Album Review: Lucifericon – The Occult Waters

Lucifericon - The Occult Waters

Lucifericon [Netherlands]
The Occult Waters
2012/2013 (reissue)
Independent/Blood Harvest Records (reissue)
Death Metal

While the Dutch have solidified their death metal style with bands like Pestilence and Asphyx being the hallmark of Dutch death metal, Lucifericon instead presents a rather different style of extremity with their debut EP, The Occult Waters. Originally released last year independently, the release has caught the ears of the excellent Blood Harvest, and ditching the rather cheesy original album artwork, Blood Harvest reissues The Occult Waters with a new artwork, yet retaining the feel and theme of the original.

Introductory track Infinituum sets a disturbing and heavy atmosphere for Lucifericon, leaving one in a state of unease that will continue for the rest of the release. I have to admit, things are at quite an anti-climax as The Temple of Lucifericon greets the listener after the climactic, rather high tension that the intro built with the mid-pace that Lucifericon goes at, but things escalate rather quickly. The heavily trem-picked riffs and thrashy speed that the band goes at brings in the Floridian death metal influences that the band has, with the riffing styles being rather reminiscent of early Morbid Angel.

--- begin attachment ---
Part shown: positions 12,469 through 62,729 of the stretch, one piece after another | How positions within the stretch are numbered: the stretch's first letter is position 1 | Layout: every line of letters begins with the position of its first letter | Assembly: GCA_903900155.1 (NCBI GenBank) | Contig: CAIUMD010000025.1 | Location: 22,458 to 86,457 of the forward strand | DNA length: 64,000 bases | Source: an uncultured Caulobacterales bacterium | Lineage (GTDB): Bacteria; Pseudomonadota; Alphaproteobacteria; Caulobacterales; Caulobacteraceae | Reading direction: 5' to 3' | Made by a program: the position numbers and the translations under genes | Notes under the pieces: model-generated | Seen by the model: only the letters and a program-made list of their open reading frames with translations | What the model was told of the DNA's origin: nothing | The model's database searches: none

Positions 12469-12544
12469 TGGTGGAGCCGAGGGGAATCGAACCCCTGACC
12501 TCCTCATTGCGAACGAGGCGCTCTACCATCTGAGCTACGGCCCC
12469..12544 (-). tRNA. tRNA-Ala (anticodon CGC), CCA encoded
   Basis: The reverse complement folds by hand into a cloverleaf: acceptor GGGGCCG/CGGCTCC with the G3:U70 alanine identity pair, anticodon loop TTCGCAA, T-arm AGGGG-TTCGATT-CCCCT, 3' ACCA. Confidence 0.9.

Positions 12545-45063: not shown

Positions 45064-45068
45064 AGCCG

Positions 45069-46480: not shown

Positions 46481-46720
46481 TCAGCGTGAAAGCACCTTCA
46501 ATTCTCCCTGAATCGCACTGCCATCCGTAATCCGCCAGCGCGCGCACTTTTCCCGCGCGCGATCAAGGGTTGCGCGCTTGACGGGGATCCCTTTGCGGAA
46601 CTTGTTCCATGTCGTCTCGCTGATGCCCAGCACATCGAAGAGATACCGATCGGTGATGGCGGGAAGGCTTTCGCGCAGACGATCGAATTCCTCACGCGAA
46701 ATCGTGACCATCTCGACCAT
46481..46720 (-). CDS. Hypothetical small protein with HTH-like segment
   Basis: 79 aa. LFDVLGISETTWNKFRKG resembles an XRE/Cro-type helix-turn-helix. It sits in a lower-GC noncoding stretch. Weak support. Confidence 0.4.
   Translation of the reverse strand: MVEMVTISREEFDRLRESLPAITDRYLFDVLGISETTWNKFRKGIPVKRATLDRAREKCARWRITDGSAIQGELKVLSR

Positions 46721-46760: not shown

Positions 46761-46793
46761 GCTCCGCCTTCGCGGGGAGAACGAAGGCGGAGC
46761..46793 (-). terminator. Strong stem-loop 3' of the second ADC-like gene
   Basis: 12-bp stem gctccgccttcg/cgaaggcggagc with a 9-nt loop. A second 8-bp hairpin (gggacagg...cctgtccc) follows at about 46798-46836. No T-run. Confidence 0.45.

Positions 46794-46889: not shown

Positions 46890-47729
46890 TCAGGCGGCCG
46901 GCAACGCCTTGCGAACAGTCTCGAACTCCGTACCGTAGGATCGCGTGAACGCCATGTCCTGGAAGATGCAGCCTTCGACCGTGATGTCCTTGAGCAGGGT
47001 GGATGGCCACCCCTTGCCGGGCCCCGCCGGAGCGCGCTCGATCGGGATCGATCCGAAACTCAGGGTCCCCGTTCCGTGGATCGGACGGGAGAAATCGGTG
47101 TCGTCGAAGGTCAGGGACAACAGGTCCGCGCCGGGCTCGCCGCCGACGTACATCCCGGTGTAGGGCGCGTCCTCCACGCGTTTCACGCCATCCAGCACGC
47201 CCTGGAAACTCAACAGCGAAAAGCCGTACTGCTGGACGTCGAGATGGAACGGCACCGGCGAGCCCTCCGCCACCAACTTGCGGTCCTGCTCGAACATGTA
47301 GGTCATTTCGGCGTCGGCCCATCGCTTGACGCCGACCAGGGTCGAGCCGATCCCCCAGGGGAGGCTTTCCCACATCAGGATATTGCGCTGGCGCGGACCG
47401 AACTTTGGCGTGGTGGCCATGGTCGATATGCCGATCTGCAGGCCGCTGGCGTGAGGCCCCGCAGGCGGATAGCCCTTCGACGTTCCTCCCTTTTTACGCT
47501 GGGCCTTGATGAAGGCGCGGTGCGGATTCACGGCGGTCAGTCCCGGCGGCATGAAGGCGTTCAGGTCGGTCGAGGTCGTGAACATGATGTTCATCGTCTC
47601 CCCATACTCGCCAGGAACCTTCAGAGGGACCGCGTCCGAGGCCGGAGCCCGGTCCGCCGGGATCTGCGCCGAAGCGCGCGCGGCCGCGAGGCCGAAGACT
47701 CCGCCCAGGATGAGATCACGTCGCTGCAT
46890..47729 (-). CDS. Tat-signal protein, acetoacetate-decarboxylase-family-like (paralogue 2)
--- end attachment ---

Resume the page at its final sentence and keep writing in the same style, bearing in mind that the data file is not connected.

The somewhat blackened touches that the band includes in their writing also helps to reinforce the entire atmosphere and mood of the album, and moments like these remind one of the Gene Palubicki projects like Perdition Temple and Apocalypse Command. Yet unlike the frantic lead guitar style that the aforementioned bands utilise, Lucifericon‘s solos are often tastefully included, with every intention being the reinforcement of the dark and heavy atmosphere on The Occult Waters, like on Moon Over Fading Statues, where an acoustic guitar is also used to reinforce the entire emotion that is on the track.

On The Occult WatersLucifericon fully displays their ability to go from fast and chaotic to slower and more melancholic moments, all the while not losing any of their intensity at all, making this a nice EP to draw all fans of death metal in.

Lucifericon on the internet:
Blood Harvest

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